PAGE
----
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Summer slouches in, shrouded in gloom

By MYDRIA CLARK
Published June 21, 2003

photo
[Times photo: Cherie Diez]
"Sunshine State my foot!" said Linda DeSutter, center, of Charlotte, N.C., as she packs up belongings at Pass-a-Grille Beach on Friday. She was here with daughters Kady, 11, left, and Sarah, 10, background, and her nephew, Chris Green, 17.

Today is the summer solstice, and the sun will be in the sky for about 14.5 hours, the longest day of the year. But Tampa Bay area residents probably won't be able to see it in all its shining glory.

That's because the forecast for the first day of summer is positively gloomy, with an 80 percent chance of rain. That follows bad weather on Friday, with more rain over much of the area and a tornado warning issued for Pinellas County shortly after 5 p.m. Friday.

Almost a week of unusually stormy weather ushered out spring, and residents see the rain as a gift and a curse.

For Cheyenne Gomez of Tampa, summer is supposed to be a time to be outside, maybe do some gardening.

"It looks like housework this weekend," Gomez sighed as rain battered her business, the Li'l Taqueria, an outdoor kiosk offering rice and beans. "Real fun."

Berta Gilholm thinks the rain is simply a normal part of summer. Living in St. Petersburg for 54 years, Gilholm has seen a cycle of more rain during certain summers about every 10 years.

"Typically in mid to late June we start a rainy season anyway," said Rick Davis, a forecaster with the National Weather Service in Ruskin. Floridians usually experience sunny days with short periods of rain and thunderstorms in the evening, but recently there have been all-day downpours.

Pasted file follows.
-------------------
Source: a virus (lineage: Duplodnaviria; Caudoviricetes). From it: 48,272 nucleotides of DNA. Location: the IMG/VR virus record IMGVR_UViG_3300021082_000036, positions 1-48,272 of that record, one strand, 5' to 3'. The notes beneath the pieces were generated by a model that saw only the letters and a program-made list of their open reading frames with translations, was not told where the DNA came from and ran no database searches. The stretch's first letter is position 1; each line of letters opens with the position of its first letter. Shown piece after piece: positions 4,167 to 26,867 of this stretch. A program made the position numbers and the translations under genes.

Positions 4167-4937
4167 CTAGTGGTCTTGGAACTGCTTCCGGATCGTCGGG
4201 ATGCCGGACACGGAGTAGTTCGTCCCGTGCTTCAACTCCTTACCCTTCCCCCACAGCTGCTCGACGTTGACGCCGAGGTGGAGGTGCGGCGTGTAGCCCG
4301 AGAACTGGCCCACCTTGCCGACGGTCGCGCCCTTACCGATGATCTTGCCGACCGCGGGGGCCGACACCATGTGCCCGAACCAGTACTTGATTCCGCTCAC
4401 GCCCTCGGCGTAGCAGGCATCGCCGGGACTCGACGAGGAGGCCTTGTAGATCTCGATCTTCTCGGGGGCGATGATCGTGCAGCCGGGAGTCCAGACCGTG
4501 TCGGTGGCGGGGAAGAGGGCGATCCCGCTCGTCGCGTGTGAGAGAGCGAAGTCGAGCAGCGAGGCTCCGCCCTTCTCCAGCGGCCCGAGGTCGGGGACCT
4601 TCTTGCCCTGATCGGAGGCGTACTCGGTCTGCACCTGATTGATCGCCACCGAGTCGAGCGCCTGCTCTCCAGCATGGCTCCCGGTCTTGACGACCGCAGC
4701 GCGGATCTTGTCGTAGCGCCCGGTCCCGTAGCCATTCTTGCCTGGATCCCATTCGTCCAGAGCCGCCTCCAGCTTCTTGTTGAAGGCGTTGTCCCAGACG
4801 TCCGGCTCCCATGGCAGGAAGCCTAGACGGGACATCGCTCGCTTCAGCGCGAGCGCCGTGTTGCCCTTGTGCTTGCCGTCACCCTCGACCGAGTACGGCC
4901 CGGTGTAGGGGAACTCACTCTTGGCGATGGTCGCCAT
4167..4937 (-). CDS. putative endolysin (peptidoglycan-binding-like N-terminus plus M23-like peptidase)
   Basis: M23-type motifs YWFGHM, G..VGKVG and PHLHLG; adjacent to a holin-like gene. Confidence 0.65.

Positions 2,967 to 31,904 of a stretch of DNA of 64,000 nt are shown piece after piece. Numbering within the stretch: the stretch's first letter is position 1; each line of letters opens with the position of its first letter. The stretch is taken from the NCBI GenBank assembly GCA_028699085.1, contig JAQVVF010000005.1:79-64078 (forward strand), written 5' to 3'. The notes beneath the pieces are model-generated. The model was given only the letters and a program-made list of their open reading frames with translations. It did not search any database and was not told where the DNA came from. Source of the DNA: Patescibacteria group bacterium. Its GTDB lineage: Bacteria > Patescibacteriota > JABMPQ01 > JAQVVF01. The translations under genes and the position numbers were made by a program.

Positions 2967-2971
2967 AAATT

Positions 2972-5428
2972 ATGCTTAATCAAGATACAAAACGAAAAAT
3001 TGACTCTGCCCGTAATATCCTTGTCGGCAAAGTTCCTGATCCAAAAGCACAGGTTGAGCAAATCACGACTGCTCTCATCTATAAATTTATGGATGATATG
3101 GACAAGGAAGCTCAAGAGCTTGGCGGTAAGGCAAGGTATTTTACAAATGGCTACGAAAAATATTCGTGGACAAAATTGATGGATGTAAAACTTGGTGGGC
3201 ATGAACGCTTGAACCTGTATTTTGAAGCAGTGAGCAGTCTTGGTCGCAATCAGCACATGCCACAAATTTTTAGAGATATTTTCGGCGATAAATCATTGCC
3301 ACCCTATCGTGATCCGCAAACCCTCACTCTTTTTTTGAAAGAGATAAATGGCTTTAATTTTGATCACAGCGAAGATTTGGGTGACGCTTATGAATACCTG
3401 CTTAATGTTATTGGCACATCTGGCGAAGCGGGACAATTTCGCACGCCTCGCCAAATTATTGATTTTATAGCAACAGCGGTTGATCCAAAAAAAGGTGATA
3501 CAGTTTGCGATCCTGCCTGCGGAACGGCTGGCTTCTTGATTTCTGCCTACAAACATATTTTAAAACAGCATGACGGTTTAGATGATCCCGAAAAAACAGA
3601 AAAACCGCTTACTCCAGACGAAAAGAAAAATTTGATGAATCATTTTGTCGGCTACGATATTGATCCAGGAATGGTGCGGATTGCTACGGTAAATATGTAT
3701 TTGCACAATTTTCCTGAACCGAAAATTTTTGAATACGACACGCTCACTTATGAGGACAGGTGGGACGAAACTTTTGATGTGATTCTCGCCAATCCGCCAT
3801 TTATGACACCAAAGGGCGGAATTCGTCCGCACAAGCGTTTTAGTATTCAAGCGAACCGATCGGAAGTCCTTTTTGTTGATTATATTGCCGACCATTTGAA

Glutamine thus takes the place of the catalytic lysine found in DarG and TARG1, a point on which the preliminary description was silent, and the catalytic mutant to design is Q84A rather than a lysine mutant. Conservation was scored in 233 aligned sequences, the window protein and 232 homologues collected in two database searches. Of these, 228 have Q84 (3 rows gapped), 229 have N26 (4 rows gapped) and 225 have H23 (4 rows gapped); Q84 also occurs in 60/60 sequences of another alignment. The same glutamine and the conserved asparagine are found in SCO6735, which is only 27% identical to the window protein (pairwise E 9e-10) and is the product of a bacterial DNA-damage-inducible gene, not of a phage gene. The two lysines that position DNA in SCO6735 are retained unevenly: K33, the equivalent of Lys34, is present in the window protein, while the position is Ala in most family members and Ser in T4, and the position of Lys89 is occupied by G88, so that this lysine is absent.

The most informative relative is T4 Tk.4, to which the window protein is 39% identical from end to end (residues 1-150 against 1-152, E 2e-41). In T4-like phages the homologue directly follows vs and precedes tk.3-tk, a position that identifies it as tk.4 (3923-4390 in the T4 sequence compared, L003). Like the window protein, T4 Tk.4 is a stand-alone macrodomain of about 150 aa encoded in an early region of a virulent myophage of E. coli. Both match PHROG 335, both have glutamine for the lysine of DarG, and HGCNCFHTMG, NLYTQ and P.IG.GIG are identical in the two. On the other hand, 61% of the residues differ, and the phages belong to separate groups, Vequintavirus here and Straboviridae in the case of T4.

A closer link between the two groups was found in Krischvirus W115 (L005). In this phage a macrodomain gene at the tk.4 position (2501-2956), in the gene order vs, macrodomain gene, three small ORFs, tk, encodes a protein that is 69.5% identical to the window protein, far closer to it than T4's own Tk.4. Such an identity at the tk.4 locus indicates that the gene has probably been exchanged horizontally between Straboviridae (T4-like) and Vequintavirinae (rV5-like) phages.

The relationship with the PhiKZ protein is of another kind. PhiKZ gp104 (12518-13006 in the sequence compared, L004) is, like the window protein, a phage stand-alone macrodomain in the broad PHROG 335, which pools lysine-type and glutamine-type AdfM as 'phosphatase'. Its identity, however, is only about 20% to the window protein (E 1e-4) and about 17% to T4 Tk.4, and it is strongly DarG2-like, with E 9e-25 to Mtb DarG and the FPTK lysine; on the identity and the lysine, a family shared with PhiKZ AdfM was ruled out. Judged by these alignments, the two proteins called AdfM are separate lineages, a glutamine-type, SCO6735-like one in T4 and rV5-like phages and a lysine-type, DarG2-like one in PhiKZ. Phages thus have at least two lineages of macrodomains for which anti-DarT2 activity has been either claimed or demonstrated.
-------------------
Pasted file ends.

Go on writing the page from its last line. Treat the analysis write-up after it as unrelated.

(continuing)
"I think it's a blessing," said Katrina Pappas of St. Petersburg. "We need as much rain as we can get because it's so hot."

The rainy weather began on June 18 with the funneling of tropical moisture from the southwest, said Davis.

"I believe we should see the sun again on Sunday," Davis said. But that won't be the end of the rain. We can look forward to a wetter summer season, he said.

According to the National Weather Service, Tampa had already surpassed its normal June rainfall by Friday. As calculated by the Southwest Florida Water Management District, the entire region is closing in on its June average.

For June, the average rainfall in the northern part of Swiftmud's area, which includes Citrus and Hernando counties, is 7.33 inches. The average for the central region, which includes Pinellas, Hillsborough and Pasco counties, is 6.8 inches. As of Wednesday, the northern region had received 6.91 inches of rain, and the central region had received 6.15 inches.

- Times staff writer Phuong Nguyen contributed to this report.

[Last modified June 21, 2003, 01:17:59]


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